Not sipping tea in Casablanca

Algeciras is an industrial port town, linking southern Spain with Africa, via a 70 minute ferry crossing to Tangier, Morocco. One of the reasons that we had decided to spend a few days in this Moorish enclave was because of its proximity to Morocco, allowing us to experience a bit of Arab culture and tradition in a uniquely Spanish setting. The allure of a day trip to Tangier offered us the opportunity to immerse ourselves in Muslim culture and catch a glimpse of the exotic, mysterious, and often misunderstood, world of Arabian society.

 Having been plagued by torrential rain for the past couple of weeks, we were delighted when the sun peeked through a cloud and playfully teased us for two glorious sun-drenched days. What a treat it was to bask in the sunshine and soak up the long-awaited Mediterranean warmth. Casting sightseeing aside, we scrambled to set up camp at the hotel pool, our sun-starved Canadian flesh luxuriously melting in the sun’s golden ray embrace.  Confident that the sunshine would linger for at least another day, we scheduled a ferry crossing to Morocco for the following morning.  We couldn’t contain our excitement of finally being able to experience for ourselves the seductive allure of this Muslim corner of the world.  But alas (and yes, I’m going to get dramatic now), the fates had other plans for us, which didn’t include a magical carpet ride to Casablanca.

Rising early in order to catch the 8:00am ferry to Tangier, we awoke to the now all too familiar grey skies and drizzling rain. The sun had formally bid adieu and scurried to hide behind a rain cloud, giving full reign to the storm Gods to wreck havoc upon our impending ferry crossing. Our enchanting camel ride into the land of the Arabian nights was clearly not meant to be. After all, there was absolutely no way that I was going to embark on a ferry crossing through stormy waters, piercing cold and howling winds. Envisioning the worst, I had already pictured the tiny vessel desperately rollicking through the waves, eventually capsizing and flinging my pink sneakered self into the dark and frigid waters. Sipping tea in Casablanca would have to wait.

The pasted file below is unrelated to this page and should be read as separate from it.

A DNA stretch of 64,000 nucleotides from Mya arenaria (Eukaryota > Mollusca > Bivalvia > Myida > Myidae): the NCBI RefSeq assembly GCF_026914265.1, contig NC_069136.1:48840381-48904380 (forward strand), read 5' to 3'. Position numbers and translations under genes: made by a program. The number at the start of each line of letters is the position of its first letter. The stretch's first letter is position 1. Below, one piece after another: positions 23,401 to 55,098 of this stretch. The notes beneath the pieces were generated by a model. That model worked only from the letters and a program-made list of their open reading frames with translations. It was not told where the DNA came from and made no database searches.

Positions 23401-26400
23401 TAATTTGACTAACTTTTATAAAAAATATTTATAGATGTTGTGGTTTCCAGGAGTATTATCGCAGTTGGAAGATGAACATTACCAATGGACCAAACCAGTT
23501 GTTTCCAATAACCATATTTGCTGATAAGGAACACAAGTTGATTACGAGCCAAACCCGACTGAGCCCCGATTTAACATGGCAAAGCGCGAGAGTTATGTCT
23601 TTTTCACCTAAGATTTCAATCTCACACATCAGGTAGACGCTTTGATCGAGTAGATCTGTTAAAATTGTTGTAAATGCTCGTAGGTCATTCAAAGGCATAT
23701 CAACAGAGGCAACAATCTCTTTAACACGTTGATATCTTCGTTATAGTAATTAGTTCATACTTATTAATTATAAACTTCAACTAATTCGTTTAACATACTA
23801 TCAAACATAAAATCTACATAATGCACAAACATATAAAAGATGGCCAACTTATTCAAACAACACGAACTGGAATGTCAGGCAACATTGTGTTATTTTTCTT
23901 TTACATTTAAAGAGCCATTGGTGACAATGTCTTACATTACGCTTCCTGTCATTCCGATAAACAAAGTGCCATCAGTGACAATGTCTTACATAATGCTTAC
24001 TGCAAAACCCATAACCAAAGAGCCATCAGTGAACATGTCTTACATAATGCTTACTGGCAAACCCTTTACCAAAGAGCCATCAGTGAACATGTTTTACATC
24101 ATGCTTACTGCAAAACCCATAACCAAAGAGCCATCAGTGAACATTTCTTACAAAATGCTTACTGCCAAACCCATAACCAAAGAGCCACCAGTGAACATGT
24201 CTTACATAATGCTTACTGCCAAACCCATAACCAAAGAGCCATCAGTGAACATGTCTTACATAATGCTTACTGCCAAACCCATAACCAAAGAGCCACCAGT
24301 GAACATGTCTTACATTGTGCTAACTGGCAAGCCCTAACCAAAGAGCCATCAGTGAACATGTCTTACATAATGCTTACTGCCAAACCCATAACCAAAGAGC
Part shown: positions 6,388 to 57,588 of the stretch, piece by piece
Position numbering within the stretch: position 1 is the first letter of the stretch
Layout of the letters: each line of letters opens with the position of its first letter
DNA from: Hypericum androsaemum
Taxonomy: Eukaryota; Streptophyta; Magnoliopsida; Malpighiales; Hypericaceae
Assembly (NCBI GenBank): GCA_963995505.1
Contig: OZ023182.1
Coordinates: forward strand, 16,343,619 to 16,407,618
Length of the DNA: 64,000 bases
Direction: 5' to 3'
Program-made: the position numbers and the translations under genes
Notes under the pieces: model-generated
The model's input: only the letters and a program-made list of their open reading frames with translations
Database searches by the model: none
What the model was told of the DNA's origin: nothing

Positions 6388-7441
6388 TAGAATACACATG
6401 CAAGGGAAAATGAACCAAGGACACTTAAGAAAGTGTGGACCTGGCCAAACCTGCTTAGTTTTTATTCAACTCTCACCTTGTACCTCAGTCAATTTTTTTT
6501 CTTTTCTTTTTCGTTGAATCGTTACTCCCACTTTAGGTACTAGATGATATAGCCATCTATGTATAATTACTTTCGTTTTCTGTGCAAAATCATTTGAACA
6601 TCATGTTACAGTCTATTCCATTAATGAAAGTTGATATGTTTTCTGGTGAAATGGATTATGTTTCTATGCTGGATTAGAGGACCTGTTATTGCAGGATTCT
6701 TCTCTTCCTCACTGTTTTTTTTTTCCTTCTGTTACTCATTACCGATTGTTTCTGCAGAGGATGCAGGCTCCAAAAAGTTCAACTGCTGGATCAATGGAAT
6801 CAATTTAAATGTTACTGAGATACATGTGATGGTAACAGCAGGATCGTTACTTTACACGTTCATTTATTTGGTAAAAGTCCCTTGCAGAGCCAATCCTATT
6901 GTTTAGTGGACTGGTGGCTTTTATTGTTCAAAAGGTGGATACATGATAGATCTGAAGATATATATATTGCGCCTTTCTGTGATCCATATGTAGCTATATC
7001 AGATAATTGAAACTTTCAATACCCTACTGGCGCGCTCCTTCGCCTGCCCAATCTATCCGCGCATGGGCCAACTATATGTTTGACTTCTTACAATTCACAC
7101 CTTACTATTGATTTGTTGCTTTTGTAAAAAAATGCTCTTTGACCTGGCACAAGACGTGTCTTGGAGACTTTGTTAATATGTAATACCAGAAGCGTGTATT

My mantra “the rain in Spain falls mainly on the plain” had clearly not failed me and had faithfully followed me from Barcelona to Alicante and now to Algeciras.  Having squandered the first couple of days luxuriously basking in the sunshine, sightseeing was definitely on the agenda for the remainder of the day. I would be lying if I said that the city was breathtakingly beautiful, which it was not, it was a gritty and often-times ugly town, its appeal characterized by the hard-working migrant labourers who journeyed through this vibrant port.  A blend of local Spaniards, hijab attired Moroccans and backpacking tourists provided a melange of old and new world cultures that contributed to the uniqueness of Algeciras.

 Palm-tree lined Plaza Alta, the city’s main square, showcasing its colourful mosaic tiled benches, impressive fountain and magnificent street lamps was a surprising highlight, as was the tiny 18th century Church of Senora de la Palma.

There is only so much sightseeing one is able to do in the pouring rain and so we devoted the remainder of the day to darting in and out of the multitude of Moroccan tea shops, cafes, tapas bars and fabric shops that littered the laneways.

Had I known better, I would have thought that I had magically placed my pink sneakered foot in a bustling Moroccan market, as my senses were invaded by the tantalizing aroma of falafel, shawarma and mint tea. Shops displayed both Arabic and Spanish signs.  Moroccans attired in flowing jallabahs conversing in Spanish with the locals were not an unusual sight in this culturally diverse town.  Shopkeepers graciously welcomed us, openheartedly inviting us into their shops, urging us to linger and stay a while and seek refuge from the elements.

The warmth and hospitality of everyone that we encountered on that gloomy day more than made up for the dismal weather and perhaps it was meant to be that we discover a little bit of Morocco right here in Algeciras.

 A fitting way in which to spend our last evening in this Arabian inspired corner of the world, as we did not yet know what adventures lay ahead in our journey out of Algeciras.

It would have been awesome to have been able to see that camel, though...

To be continued....

Come enjoy the mystique of Morocco in Algeciras with me....

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